• I guess it’s easier said than done–even the military, which you would think could standardize flight ops, has different procedures and limits for the exact same aircraft in different services. Plus I’m not sure in the civilian world it would ever be practical to expect competitors to coordinate and collaborate in the way that would be required to standardize. In my opinion, it still does and should come down to the judgment of the pilot in command.

    • Cedarglen Says:

      Chris has already replied and I certainly will not disagree with him. I too have wondered about the variable standards. Bypassing this instant’s safety issues, MELs (Minimum safety Equipment lists), FAA and manufacturers set basic standards, airlines can make them tighter, and ***Under some, FAA-approved standards,*** can extend the required repair time limits a lot. It is a messy, complicated yet legal procedure. I do not want to overstate this or make it sound like the legacy carriers are not flying safe air planes; such is not my point and I do not believe it for a minute. However, those same carrier do fly air planes that so not instantly meet basic FAA-dictated standards for model and type. If an airline can prove the value of an alternate schedule, the FAA will likely approve it. We can read and know basic Part 121 rules, bur we do not always know about the modifications granted to individual carriers. Am I worried about maintenance or flight crew qualification issues for the airplane and crew involved in today’s event at “La Garbage?” No! Not in the hands of a major, top three carrier. Are the ‘top three’ legacies different? Yes, they are, but I have to believe that the differences stop well behind the secure cockpit door. Some domestic airplanes are filthy dirty and provide obviously substandard services. Ahead of that secure door, I’d like to believe that the qualification and training standards are approximately equal and are maintained across a pilot population of thousands.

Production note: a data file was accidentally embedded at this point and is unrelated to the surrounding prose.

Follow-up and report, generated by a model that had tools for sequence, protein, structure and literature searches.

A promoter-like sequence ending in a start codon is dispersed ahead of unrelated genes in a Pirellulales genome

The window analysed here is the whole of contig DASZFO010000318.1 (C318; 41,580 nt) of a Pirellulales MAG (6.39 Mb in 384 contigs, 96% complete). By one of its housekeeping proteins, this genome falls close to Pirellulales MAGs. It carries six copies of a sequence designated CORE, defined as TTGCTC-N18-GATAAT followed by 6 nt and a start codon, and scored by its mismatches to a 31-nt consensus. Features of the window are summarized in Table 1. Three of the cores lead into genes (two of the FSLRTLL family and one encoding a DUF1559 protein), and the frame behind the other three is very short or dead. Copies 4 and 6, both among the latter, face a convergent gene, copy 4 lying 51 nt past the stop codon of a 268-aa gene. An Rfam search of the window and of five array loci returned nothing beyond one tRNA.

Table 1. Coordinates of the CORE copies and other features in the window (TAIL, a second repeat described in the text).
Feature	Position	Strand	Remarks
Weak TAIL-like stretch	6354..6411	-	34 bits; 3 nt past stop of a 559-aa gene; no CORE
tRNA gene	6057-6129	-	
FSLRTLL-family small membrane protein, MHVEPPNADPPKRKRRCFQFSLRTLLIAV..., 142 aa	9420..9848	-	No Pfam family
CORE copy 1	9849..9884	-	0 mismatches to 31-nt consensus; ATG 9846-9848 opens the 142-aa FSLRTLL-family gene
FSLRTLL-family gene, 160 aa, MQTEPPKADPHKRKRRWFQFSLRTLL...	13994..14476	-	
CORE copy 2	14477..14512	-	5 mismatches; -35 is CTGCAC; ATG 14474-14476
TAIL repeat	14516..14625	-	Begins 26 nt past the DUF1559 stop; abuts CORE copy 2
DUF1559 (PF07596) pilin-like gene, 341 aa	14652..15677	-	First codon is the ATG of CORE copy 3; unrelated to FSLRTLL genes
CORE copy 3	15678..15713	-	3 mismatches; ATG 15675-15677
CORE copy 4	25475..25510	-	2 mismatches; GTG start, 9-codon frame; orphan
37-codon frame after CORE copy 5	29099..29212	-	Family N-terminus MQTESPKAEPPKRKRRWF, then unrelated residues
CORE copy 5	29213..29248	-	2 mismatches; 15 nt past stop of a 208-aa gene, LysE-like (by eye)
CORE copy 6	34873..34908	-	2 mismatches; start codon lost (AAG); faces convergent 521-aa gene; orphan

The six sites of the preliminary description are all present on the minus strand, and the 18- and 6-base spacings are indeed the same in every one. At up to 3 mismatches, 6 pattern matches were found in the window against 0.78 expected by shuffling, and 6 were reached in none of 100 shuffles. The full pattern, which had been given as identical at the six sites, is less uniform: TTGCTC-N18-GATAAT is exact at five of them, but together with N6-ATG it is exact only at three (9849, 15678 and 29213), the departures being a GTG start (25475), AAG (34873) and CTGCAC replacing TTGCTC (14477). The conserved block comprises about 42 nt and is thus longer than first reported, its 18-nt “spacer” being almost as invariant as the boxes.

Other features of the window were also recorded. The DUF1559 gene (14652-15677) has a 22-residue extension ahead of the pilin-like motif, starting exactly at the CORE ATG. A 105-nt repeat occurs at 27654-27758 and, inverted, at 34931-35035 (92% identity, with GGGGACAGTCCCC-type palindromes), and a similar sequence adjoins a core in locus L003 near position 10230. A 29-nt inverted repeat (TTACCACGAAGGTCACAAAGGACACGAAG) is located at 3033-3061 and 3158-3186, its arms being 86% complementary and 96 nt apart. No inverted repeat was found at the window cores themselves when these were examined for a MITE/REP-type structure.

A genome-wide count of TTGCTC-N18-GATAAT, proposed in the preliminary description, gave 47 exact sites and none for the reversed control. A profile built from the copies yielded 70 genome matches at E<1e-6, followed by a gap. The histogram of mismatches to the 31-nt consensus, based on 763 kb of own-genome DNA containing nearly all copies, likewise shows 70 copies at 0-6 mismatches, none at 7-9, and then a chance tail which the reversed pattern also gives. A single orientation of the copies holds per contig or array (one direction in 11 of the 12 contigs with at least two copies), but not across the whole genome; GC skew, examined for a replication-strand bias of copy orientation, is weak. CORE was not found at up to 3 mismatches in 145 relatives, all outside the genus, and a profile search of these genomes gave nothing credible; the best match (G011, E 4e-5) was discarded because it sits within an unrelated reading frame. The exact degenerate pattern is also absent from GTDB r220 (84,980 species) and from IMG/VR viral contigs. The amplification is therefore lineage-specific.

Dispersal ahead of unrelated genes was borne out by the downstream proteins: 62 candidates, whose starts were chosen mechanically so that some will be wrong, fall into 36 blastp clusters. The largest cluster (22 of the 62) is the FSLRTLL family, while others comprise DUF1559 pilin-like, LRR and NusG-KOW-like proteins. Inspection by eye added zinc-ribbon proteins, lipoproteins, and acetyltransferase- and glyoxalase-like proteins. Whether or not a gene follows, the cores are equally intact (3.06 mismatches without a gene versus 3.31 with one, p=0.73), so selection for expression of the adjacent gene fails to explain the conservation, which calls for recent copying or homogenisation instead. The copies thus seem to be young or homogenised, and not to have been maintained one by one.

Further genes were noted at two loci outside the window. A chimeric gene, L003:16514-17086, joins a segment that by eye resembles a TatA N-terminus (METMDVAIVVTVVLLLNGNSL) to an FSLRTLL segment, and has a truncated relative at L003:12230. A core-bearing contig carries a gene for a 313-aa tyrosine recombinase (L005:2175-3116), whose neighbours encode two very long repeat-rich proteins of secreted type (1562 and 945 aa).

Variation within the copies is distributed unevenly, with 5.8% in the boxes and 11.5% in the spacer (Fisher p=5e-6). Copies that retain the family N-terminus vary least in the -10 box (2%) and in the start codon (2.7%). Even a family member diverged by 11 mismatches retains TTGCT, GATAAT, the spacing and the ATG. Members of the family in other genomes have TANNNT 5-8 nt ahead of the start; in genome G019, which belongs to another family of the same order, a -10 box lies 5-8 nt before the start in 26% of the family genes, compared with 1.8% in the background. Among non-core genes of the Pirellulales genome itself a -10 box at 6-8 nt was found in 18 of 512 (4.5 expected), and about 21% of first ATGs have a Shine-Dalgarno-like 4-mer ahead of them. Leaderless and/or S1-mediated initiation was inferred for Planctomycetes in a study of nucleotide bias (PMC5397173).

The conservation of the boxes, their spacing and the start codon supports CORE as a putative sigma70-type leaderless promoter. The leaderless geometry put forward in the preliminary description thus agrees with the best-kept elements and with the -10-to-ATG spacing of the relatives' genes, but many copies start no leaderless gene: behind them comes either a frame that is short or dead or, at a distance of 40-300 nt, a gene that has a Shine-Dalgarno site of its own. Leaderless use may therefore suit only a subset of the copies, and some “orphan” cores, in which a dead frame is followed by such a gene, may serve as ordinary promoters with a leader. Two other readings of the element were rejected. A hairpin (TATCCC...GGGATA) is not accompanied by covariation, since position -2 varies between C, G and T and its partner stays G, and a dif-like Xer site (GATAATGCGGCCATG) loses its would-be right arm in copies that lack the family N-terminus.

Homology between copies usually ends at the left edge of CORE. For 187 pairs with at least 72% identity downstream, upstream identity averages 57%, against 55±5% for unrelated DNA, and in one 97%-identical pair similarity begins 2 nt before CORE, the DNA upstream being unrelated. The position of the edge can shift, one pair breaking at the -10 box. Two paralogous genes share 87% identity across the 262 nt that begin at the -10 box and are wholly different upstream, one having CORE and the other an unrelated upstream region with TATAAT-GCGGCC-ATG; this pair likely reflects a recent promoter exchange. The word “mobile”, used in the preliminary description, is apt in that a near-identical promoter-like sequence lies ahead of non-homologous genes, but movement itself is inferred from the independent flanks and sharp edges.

Yes, darn it, flying even in nasty weather is safe. You pilots will not risk their own necks to maintain a schedule, so if they are willing to go, I’m willing to go. They already know what the weather should be like as they approach our destination. and if they do not like it, they have an alternate in mind – and have had for many hours… Fasten your seat belt, keep it faastened and trust your pilot.

  8. Captain Manno:

    How does an incident like this effect the career of the pilots involved?


  9. So may variables. Some runways are difficult under the best circumstances. Any time I get off a plane unharmed and alive is a great landing – no matter the bumps or jolts. No complaints from me. (Perhaps some passengers are just nervous and feel compelled to say something “clever-ish” and don’t know any thing else to say – how about “Thanks. Bye”? Non-important people you probably will never see again anyway, right? Bound to be annoying none the less.
    Enjoyed the high flyin’ post.

  10. In November of 1978, I was a passenger on a Frontier CV 580 from Farmington to Denver via Durango. Stapleton was in some rather heavy winter weather and the descent was basically uneventful to touchdown. It felt normal at first, then the big T-56 props went to reverse. It felt a bit squirrely and then we straightened out and slowed normally.
    In 1970, I was on a Western 737 from Great Falls to Idaho Falls via Helena and Butte. The landing at Bert Mooney Silver Bow County was in a very heavy cross wind. We were in a crab with the right wing down and on a bouncy final. The right main gear made a heavy contact and we bounced back into the air and then settled on all three gear with a resounding thump. When the jet bounced, I was looking out the window at the wing tip. It seemed to be less than a foot from the ground. I was fifteen at the time and more in awe than frightenend.

  11. donkensler Says:

    Thanks for the explanation. My husband and I fly into KPVD, which has shortish runways (7,166′ and 6,081′), a few times a year, and fairly often there will be a rather harsh touchdown. When he comments on it, I reply that the important thing is to get the craft on the ground and stopped, that “pretty” touchdowns that use up gobs of runway are only an option at our home airport of KDTW, and only in good weather. I appreciate that when the p-i-c plants the plane firmly on the runway as close to the threshold as possible, uses full reverse, and stands on the brakes, particularly in gusty winds or when it’s snowing, he’s doing his job of getting us on the ground in one piece. “Any landing you can walk away from (without using the emergency slides) is a good one.”